A friend of mine was telling me that she wants to step off a board she joined this past fall. Two months in, that is a bad sign. I also know that she has happily served on another nonprofit’s board for 6 years – that is quite a contrast. And one worth exploring.
Why does she perceive one board as dysfunctional and the other as a good use of her time? This is what I discovered about the new situation (the quotes are what she has heard other people say about the board):
- It is the board of the school her kids have and continue to attend.
- She loves the school and the education
- She knows all of the board members and considers many of them friends
- “They run it like a family.” I love my family, but I don’t want to work with them for a reason. There are too many things that go unsaid when you’re primary focus is on the relationships. Being on a board sometimes means making tough decisions that other board members and staff might not agree with or like.
- “We all know each other too well for that,” is often heard in response to any formalized process. But that keeps the inner circle intact, more feel good exchanges, less hard conversations and needed changes or constructive suggestions reduced to background noise.
- “We have had the same president forever and he knows how we work.” Continuity is good, institutional knowledge is good, the same president for a long time often means there is no way to evolve and bring in large shifts of focus – and that is bad. To flip the famous Jean-Baptiste Alphonse Karr quote, “the more you want things to stay the same, the more they change.” Nonprofits need to evolve and it is very hard for the same person to be in charge of growth for many years and be able to have fresh perspective again and again.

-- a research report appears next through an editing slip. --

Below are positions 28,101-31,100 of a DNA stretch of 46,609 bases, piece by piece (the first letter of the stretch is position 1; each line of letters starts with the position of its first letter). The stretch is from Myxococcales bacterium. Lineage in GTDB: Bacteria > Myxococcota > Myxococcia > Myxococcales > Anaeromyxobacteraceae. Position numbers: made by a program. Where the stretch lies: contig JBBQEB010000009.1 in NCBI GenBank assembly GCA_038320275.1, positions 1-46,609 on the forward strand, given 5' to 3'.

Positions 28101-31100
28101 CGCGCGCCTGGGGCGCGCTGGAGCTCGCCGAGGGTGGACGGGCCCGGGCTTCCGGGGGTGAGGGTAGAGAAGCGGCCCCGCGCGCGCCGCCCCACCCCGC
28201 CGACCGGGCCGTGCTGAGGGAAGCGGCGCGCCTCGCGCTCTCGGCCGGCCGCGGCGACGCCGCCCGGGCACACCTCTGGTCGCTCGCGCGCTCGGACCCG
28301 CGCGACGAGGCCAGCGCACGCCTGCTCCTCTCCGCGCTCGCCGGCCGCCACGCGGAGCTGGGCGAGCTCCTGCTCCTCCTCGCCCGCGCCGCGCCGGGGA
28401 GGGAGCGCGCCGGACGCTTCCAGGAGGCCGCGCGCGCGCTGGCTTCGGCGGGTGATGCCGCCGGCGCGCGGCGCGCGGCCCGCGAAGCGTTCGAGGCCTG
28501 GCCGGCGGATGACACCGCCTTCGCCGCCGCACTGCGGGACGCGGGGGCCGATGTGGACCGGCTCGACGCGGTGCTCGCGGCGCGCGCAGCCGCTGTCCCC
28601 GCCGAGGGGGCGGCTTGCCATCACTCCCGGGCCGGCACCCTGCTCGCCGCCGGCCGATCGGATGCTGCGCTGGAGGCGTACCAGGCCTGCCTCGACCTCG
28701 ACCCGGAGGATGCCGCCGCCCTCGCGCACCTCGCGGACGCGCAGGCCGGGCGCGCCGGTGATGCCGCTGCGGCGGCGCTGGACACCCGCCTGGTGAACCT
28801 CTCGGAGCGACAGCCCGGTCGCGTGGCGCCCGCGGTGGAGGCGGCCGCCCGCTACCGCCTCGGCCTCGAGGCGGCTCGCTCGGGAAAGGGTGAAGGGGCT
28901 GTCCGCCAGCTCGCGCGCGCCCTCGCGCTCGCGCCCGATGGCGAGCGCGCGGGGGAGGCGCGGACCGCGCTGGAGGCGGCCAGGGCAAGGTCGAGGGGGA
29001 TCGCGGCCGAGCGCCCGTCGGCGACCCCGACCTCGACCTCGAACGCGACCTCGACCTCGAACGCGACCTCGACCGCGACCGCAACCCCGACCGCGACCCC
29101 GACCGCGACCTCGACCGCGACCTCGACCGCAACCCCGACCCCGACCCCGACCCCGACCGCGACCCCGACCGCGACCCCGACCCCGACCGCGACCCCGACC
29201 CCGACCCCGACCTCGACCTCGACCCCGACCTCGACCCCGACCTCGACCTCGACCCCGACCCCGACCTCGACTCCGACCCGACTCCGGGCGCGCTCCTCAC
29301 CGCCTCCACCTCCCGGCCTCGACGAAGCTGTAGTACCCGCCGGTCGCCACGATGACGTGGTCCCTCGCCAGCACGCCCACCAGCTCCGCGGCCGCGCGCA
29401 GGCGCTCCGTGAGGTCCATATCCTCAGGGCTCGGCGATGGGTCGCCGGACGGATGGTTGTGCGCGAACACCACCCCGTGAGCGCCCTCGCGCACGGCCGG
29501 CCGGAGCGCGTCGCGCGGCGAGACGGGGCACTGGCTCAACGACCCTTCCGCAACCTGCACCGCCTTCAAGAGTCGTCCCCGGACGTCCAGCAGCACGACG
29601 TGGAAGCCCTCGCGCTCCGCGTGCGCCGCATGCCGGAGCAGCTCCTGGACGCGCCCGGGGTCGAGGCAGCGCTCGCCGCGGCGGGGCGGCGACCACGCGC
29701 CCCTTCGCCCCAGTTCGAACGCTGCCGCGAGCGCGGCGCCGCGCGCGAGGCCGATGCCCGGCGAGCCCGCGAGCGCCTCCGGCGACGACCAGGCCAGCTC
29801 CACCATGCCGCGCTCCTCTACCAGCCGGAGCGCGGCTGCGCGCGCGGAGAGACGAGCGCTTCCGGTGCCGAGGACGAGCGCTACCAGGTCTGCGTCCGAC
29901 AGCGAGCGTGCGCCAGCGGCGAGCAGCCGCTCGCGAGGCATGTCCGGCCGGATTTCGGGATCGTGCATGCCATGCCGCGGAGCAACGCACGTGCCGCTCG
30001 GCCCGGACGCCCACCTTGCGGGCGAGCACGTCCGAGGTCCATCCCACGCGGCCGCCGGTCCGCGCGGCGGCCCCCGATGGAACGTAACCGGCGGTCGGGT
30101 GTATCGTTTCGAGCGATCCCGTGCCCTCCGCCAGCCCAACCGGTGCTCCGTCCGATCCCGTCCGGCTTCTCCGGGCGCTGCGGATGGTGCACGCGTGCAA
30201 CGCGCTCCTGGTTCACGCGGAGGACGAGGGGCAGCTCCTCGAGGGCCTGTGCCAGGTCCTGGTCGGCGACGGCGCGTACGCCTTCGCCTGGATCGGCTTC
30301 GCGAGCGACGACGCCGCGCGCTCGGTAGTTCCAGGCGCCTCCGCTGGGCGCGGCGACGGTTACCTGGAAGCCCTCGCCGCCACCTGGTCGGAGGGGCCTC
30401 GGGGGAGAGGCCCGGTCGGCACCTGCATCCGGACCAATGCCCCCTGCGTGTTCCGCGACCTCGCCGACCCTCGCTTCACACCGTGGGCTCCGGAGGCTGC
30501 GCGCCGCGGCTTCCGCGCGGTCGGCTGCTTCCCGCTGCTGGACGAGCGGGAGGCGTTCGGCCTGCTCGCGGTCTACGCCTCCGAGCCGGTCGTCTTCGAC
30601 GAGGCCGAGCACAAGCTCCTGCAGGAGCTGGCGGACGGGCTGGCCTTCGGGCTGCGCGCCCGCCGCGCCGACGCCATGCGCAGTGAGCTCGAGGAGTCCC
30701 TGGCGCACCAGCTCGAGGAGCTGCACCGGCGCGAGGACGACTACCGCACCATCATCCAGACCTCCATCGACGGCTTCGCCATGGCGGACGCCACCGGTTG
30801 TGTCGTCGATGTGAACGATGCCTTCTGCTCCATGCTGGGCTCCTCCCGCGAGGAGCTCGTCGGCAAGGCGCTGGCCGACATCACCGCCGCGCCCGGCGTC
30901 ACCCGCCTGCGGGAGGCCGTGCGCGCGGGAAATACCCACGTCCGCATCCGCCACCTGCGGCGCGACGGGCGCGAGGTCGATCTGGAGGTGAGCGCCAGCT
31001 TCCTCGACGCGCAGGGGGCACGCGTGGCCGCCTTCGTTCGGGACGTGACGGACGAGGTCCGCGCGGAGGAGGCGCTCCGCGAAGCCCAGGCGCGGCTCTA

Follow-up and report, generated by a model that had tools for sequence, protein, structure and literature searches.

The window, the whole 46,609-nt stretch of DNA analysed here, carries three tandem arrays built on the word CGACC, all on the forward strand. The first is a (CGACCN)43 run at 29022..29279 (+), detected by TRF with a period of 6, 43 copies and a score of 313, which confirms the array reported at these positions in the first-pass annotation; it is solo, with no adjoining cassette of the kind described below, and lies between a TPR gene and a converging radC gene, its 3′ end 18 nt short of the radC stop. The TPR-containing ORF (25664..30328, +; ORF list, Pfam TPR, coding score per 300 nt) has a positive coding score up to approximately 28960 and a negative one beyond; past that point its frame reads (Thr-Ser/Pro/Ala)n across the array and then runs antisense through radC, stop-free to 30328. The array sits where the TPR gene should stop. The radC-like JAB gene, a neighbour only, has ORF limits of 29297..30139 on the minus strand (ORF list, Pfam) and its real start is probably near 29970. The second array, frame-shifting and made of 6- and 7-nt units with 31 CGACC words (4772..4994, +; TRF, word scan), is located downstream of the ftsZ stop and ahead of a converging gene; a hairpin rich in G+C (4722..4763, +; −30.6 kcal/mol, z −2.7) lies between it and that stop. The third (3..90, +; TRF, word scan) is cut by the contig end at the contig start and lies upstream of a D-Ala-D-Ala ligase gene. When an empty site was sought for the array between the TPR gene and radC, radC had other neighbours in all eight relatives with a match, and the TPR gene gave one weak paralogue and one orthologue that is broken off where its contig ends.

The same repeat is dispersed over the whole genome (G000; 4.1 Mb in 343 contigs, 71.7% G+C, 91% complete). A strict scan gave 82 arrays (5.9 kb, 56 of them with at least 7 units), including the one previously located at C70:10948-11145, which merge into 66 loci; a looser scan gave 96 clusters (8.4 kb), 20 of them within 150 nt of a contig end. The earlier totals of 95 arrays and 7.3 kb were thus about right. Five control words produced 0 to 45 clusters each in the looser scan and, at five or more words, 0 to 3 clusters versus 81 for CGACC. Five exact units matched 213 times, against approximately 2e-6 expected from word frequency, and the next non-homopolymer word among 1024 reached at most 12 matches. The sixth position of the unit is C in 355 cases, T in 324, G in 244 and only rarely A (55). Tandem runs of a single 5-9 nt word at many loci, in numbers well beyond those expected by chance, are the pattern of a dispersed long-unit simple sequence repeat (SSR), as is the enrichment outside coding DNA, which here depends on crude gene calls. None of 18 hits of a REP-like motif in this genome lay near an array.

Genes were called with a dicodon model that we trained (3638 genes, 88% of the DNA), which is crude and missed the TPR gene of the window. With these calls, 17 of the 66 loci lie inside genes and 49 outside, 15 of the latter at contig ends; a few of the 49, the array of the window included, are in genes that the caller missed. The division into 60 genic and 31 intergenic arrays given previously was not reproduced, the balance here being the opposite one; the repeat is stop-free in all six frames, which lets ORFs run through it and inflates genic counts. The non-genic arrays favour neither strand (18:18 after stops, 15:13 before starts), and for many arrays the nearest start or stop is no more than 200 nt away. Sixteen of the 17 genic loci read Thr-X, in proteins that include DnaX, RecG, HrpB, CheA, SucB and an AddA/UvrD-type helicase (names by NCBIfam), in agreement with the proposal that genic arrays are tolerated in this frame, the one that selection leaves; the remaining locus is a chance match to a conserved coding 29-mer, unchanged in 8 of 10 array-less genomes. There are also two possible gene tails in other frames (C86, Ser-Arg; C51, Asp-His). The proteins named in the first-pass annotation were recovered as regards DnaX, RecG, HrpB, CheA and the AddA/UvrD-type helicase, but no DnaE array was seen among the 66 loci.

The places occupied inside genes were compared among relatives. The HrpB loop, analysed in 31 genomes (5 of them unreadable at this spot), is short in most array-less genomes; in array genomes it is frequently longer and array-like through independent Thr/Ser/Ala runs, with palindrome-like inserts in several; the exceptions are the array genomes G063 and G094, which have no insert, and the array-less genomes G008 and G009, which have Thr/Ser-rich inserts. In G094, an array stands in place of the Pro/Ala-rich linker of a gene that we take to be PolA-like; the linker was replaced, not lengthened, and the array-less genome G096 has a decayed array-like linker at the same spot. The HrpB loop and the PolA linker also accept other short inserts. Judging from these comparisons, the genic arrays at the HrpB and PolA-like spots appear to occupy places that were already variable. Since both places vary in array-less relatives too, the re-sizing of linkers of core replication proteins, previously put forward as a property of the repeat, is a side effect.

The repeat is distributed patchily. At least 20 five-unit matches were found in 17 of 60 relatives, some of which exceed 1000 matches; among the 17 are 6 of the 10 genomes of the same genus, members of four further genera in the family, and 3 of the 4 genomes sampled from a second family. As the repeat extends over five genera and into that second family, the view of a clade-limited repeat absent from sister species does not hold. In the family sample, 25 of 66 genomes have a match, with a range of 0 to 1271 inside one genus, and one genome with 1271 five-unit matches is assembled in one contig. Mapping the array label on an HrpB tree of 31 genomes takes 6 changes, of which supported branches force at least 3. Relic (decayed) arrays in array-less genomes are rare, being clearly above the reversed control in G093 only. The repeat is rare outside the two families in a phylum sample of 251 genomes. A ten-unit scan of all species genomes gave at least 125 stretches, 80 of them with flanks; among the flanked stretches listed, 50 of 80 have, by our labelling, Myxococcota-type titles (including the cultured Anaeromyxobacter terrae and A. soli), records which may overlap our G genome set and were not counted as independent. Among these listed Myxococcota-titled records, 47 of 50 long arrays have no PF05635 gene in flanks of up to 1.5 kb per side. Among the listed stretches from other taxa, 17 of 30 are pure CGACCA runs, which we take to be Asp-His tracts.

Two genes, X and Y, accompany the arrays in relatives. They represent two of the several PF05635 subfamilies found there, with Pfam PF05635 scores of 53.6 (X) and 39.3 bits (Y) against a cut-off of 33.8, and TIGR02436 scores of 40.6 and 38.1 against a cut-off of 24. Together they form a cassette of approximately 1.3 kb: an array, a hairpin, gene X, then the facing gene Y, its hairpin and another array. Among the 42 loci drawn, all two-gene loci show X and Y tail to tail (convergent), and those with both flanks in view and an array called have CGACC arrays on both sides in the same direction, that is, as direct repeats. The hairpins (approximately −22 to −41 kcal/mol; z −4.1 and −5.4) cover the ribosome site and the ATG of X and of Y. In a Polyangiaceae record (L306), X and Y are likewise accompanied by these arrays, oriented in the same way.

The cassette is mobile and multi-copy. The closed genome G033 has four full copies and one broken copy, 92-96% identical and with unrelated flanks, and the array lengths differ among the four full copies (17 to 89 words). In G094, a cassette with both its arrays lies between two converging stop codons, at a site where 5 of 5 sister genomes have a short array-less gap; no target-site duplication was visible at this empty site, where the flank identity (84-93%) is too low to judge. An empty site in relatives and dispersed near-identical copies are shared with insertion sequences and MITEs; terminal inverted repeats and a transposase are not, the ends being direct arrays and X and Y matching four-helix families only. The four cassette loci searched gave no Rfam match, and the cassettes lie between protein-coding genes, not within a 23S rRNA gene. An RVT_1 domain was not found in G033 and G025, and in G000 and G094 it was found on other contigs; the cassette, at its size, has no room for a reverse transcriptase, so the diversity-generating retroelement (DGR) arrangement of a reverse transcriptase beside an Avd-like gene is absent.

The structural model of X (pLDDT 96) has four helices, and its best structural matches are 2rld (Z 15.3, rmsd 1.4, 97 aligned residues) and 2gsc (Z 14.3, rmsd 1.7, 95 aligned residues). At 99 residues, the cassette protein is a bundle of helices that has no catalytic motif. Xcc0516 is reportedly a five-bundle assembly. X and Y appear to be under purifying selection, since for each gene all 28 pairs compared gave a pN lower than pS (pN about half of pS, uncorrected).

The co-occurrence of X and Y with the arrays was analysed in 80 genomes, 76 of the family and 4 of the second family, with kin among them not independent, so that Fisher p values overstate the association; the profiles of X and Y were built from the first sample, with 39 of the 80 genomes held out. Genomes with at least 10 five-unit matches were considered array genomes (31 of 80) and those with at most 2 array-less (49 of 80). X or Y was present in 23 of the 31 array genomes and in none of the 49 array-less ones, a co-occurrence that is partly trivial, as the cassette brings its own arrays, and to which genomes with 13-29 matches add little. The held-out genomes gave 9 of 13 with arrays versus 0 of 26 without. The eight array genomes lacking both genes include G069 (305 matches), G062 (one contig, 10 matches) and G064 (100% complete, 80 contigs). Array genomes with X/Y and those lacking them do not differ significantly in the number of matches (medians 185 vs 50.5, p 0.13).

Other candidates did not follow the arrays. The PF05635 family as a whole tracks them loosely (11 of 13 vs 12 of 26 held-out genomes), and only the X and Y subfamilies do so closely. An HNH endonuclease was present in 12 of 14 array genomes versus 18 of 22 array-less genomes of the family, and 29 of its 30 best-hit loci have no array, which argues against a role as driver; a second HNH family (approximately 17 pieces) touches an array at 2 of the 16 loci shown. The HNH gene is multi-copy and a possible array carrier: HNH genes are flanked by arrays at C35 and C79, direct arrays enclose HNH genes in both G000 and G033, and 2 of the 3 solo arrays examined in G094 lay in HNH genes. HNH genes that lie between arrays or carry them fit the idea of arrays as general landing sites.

- “All boards have some people who join but then don’t make it a priority.” This is true, but as often as not it is the result of the current board’s flaws and not just how busy an individual is at the time. Engagement is essential. Did the board member come on disinterested? Probably not. Did she feel unheard or have her ideas dismissed too quickly? Remember that perception is reality – the board may think they were listening, but if the board member feels like nothing will come of it, she will be too busy to attend meetings in the future.
- “I wish the meetings would end on time.” We all have limited time and meetings that start late, run over, get caught up in details that should have been handled in committee, or require repetition for people who were not at recent meetings or consistently don’t read reports ahead of time (my personal pet peeve) are all the death of people who care about good process. And that is the majority of board members.
The good news is that these are all correctable. A few “best practices” and you can keep your board members for 6 years (or the maximum allowed from your by-laws) and keep them engaged. Making it less of a family run business and more of a high functioning nonprofit.